- to take by theft; steal.
- to act as a thief; commit theft; steal.
Origin of thieve
Related Words for thievingcrooked, larcenous, cunning, pilfering, dishonest, fraudulent, furtive, predatory, rapacious, secretive, sly, stealthy, thievish, light-fingered, sticky-fingered
Examples from the Web for thieving
Contemporary Examples of thieving
The underwear was returned to Payne -- but not until after one of the thieving fans tried them on.Gravity’s Space-Diaper Fiasco; Beyoncé Debuts Her First Calendar
The Fashion Beast Team
October 8, 2013
Putin is also, for obvious reasons, not a great fan of people-power democracy movements that overthrow corrupt, thieving elites.Putin’s Power Play on Syria
September 10, 2013
A novel dealing with, among many other interesting things, the aesthetics of thieving.How I Write: John Banville on ‘Ancient Light,’ Nabokov, and Dublin
October 3, 2012
Spacey makes Abramoff an enormously appealing rage-filled, thieving, megalomaniacal sociopath.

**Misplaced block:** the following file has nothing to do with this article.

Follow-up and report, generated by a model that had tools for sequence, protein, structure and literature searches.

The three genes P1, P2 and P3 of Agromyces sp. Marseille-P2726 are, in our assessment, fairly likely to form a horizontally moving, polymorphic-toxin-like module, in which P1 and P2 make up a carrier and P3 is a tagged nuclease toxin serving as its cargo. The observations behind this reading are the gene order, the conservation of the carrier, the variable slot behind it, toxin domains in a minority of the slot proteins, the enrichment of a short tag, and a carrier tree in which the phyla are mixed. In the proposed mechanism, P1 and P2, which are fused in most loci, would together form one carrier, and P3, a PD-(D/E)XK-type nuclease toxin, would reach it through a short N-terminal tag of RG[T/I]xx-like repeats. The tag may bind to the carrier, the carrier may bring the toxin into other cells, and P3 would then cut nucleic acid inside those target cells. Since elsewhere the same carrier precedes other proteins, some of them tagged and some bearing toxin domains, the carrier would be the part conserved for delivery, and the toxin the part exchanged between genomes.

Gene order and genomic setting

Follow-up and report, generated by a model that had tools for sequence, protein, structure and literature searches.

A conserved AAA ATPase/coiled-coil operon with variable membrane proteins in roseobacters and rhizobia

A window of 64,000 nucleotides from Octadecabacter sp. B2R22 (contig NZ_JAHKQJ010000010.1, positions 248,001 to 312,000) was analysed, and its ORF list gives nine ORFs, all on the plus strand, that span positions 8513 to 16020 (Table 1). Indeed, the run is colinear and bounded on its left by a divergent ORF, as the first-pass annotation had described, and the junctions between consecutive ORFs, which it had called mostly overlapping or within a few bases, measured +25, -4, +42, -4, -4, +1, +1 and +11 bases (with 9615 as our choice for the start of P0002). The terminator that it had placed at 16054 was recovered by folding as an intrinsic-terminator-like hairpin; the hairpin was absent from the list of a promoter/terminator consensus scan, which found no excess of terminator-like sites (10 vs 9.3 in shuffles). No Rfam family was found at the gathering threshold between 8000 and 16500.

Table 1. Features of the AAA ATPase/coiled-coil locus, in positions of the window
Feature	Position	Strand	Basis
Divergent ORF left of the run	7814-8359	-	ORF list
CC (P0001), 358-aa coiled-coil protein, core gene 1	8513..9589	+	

But Spacey makes Abramoff an enormously appealing, rage-filled, thieving, megalomaniacal sociopath.
Historical Examples of thieving
These thieving propensities made her perfect as a ne'er-do-well.The Fat and the Thin
I do not deny that Sir Thomas Picton has described him as a "thieving blackguard."The Snare
It was Judas Iscariot was saying it first, and you're just thieving it from a thief.The Manxman
There was a run against me last night in that thieving place.The Daltons, Volume II (of II)
Charles James Lever
What he had had the audacity to propose to me had been treason, not thieving.Romance
Joseph Conrad and F.M. Hueffer
- given to stealing other people's possessions
- to steal (someone's possessions)
Word Origin for thieve
Old English þeofian, from þeof (see thief). Rare in Old English, not common until 17c. Thieving first attested 1520s.